Terror blast in Istanbul leaves 10 dead, 15 hurt

news
13 January 2016

Ten people were killed and 15 wounded in a suspected terror attack in Istanbul's tourist hub today, officials said, as the country remained on edge after a wave of deadly jihadist bombings.

The powerful blast rocked the Sultanahmet neighbourhood which is home to Istanbul's biggest concentration of monuments and is visited by tens of thousands of tourists every day.

Ambulances and police were despatched to Sultanahmet, which is home to world-famous monuments including the Blue Mosque and the Hagia Sophia, while police helicopters hovered above.

Prime Minister Ahmet Davutoglu convened an emergency security meeting of key ministers and officials, including powerful Interior Minister Efkan Ala and intelligence chief Hakan Fidan.

A Syrian suicide bomber is thought to be responsible for the attack, President Tayyip Erdogan said.

Turkey has been on high alert after a series of attacks blamed on the Islamic State jihadist group, including a double suicide bombing in the capital Ankara in October that left 103 people dead.

The Istanbul governor's office said in a statement quoted by the Dogan news agency that 10 people were killed and 15 wounded in Tuesday's blast.

"Investigations into the cause of the explosion, the type of explosion and perpetrator or perpetrators are under way," the governor's office said.

Images published by Dogan showed several apparently dead bodies lying on the ground.

The identities of those killed and hurt were not immediately clear although unconfirmed reports said the injured included two Germans and one Norwegian tourist.

An official at the German foreign ministry said it was urgently working to find out whether German citizens were among the wounded. A tour company official said a German group was in the area at the time but said there was no immediate information on whether any of them had been injured.

Germany warned its nationals to avoid tourist sites in Istanbul, a city of about 14 million people that has been hit several times in the past by deadly attacks.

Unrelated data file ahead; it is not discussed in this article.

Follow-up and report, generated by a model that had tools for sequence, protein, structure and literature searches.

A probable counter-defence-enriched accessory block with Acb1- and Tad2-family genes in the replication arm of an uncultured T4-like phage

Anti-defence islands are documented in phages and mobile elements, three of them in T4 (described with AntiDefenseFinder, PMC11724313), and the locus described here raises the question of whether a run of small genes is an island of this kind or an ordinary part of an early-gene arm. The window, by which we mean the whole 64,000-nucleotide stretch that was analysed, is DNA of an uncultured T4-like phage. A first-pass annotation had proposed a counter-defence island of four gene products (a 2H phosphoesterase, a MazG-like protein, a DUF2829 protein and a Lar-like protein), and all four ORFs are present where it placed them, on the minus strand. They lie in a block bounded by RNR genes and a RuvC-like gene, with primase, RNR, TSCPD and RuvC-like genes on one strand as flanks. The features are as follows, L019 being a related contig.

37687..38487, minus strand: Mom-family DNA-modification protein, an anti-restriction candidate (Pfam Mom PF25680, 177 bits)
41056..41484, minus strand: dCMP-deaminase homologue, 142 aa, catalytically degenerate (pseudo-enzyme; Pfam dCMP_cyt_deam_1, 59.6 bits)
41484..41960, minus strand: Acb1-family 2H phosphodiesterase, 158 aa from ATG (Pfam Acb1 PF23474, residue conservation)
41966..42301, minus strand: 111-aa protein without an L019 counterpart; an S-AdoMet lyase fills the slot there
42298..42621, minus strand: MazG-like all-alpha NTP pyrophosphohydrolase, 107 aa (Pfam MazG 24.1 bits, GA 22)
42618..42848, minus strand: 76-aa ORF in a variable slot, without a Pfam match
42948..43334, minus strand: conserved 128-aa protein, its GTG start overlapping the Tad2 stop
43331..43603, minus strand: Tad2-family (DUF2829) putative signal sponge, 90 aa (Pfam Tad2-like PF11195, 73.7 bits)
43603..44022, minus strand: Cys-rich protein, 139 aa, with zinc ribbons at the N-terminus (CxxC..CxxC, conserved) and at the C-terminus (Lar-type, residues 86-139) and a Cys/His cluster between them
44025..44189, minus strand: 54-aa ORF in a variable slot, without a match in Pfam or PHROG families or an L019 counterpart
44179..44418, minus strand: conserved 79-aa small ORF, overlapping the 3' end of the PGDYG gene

Media reports said the authorities were studying the possibility Tuesday's blast was caused by a suicide bomber but there was no official confirmation.

'Ball of fire'
The explosion was powerful enough to be heard in adjacent neighbourhoods, witnesses told AFP. Police cordoned off the area to shocked passers-by and tourists and the nearby tram service has been halted.

Media reports said the blast took place at 0820 GMT around the Obelisk of Theodosius, a monument from ancient Egypt which was re-erected by the Roman Emperor Theodosius and is one of the city's most eye-catching monuments.

"I heard a very loud blast, then came the screams," a Turkish man who asked not to be named told AFP.

"Then I saw a ball of fire, and started to run away. I saw about 10 people wounded, one of them was being helped by the tourists. I am 100 percent sure it wasn't just a bomb, but a suicide bomber," he added.

The authorities imposed a broadcast ban on reporting of the attack, prompting television channels to halt live broadcasting from the scene although factual commentaries continued.

Turkey is on alert after 103 people were killed on 10 October when two suicide bombers blew themselves up in a crowd of peace activists in Ankara, the bloodiest attack in the country's modern history.

That attack was blamed on Islamic State (IS) jihadists, as were two other deadly bombings in the country's Kurdish-dominated southeast earlier in the year.

Turkish authorities have in recent weeks detained several suspected Islamic State members, with officials saying they were planning attacks in Istanbul.

But Turkey is also waging an all-out assault on the outlawed Kurdistan Workers' Party (PKK), which has staged dozens of deadly attacks against members of the security forces in the southeast.

A Kurdish splinter group, the Freedom Falcons of Kurdistan (TAK), claimed a mortar attack on Istanbul's second international airport on 23 December which killed a female cleaner and damaged several planes.

Meanwhile the banned ultra-left Revolutionary People's Liberation Party–Front (DHKP-C) has also staged a string of usually small-scale attacks in Istanbul over the last few months.

 





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